Take social media breaks.
Catiana really advocates for stepping away from social media. You don’t have to delete your accounts, and it never has to be for a long time, but just deleting the apps from your phone temporarily can be really healthy.
“I try not to compare myself to other people who have reached their goals before me, because that’s a really big part of social media,” she told Galore, “You’re constantly comparing yourself to these other people and their bodies and their lifestyles and the amount of followers.”
You’ll literally never know what anyone else is going through, all you see is what you perceive based on their social media feeds. And everyone is just posting their best moments, they’re not posting the struggles they went through to get to there. Nip the comparisons in the bud.
Push yourself to step out of your comfort zone and balance it with moments of self care.
This doesn’t mean putting yourself into situations that make you feel worse. If you’re not feeling up for anything, just try to do little things that show a dedication to self.
“On the days you want to just stay in bed, I recommend challenging yourself to get up and do at least one thing that makes you happy,” Catiana advises. “It can be as simple as doing some yoga or watching your favorite TV show.”
By doing small things that make you happy, you’ll be developing your relationship with self, which improves your relationships with others and your momentum to do the bigger things.
There may be instances where you won’t want to go to class or work, where you’ll feel like avoiding the things that would help propel you forward in your career. It can seem daunting, but those are times to push yourself using the momentum built from self care days.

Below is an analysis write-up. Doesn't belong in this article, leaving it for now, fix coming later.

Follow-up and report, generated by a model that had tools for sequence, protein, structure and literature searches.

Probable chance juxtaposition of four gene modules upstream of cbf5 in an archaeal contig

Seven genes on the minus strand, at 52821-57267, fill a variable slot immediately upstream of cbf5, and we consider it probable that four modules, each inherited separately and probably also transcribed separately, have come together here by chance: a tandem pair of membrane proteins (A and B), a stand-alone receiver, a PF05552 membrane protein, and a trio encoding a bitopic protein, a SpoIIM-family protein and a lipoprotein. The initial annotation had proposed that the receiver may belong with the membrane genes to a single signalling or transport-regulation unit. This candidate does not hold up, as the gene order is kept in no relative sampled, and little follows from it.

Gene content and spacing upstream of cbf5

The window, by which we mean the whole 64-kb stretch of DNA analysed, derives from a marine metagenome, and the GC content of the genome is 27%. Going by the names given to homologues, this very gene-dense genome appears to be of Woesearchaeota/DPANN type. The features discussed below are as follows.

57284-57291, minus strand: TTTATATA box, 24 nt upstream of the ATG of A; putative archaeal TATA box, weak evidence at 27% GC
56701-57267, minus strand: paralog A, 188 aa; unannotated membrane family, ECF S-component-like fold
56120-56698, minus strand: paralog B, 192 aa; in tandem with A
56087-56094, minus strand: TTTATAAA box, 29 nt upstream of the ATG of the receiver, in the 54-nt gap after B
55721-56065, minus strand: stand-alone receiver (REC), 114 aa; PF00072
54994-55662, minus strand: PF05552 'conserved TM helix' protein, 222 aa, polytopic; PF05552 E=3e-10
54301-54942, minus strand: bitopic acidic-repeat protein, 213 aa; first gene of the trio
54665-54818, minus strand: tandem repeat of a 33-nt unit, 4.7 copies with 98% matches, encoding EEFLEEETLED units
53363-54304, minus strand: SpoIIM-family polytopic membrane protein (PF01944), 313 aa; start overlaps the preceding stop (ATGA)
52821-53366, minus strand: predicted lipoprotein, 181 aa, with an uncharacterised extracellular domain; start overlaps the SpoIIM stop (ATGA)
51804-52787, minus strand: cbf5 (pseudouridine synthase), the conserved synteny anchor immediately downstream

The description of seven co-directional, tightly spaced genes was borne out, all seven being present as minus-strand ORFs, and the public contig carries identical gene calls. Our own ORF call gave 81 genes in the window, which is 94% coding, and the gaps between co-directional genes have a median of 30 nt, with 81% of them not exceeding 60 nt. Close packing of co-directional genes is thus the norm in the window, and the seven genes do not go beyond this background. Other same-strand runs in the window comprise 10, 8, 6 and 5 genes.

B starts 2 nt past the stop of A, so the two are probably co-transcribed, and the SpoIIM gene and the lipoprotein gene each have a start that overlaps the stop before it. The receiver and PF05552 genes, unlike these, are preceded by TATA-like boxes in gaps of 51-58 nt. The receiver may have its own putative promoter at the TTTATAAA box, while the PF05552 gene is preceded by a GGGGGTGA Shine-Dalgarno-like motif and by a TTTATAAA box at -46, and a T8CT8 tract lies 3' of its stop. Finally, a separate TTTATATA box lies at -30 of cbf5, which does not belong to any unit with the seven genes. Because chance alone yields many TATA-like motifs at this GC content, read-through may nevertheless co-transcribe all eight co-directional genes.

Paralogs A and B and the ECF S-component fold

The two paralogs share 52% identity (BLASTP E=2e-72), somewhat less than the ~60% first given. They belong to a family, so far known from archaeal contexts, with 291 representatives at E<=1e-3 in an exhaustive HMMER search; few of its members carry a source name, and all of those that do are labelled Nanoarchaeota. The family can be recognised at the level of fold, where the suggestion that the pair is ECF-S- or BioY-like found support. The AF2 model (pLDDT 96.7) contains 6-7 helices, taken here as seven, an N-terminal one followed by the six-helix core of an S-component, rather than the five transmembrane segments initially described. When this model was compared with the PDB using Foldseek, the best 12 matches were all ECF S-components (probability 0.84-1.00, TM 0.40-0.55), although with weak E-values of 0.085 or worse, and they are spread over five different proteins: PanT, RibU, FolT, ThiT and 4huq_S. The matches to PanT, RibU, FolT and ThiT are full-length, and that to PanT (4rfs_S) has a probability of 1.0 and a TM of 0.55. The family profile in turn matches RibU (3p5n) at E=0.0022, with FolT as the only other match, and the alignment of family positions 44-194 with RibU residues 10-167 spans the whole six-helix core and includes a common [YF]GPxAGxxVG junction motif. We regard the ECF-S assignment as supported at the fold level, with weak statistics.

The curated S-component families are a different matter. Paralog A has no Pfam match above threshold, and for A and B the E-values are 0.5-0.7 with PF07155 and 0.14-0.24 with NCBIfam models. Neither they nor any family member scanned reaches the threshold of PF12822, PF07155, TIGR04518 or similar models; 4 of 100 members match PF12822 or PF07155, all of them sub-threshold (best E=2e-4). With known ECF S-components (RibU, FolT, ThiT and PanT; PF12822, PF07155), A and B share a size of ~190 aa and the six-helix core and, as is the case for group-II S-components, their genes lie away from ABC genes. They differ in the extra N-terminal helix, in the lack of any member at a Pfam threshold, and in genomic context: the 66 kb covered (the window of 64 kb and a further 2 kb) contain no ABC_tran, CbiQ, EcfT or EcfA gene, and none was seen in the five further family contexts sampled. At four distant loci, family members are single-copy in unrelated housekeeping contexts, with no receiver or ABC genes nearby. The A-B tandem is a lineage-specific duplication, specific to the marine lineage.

“Even though those are very tense situations for me inside of my mind, I try to combat that,” Catiana said, “Coming out of your comfort zone is an exercise towards helping your anxiety.”
Make sure to reward yourself for a job well done and to never bite off more than you can chew. You don’t have anything to prove to anyone else. If your best that day is really just buying something that makes you feel good or spending time alone, it’s okay to recognize that.
Promote healthy thought processes.
“It’s all too easy to get wrapped up in the mean words other people say, or that you might say to yourself,” Catiana says, “so it is so important to recognize when you are harming yourself and your health.”
This means watch out for urges to try crash dieting, binge eating, purging, or excessive weight training. Even if you’re getting the results you desire, those results aren’t necessarily healthy. Pay attention to thought processes that involve comparing yourself to others or an older version of yourself.
For Catiana, the key is accepting negative thoughts just as they are and letting them pass, rather than ruminating on them. Don’t try to explain your negative thoughts away. Everybody has them and according to her, trying to eliminate them just perpetuates the belief that they have power over you.
“Remind yourself that you’re constantly growing, one day at a time,” she told Galore, “You deserve to see the finished product.”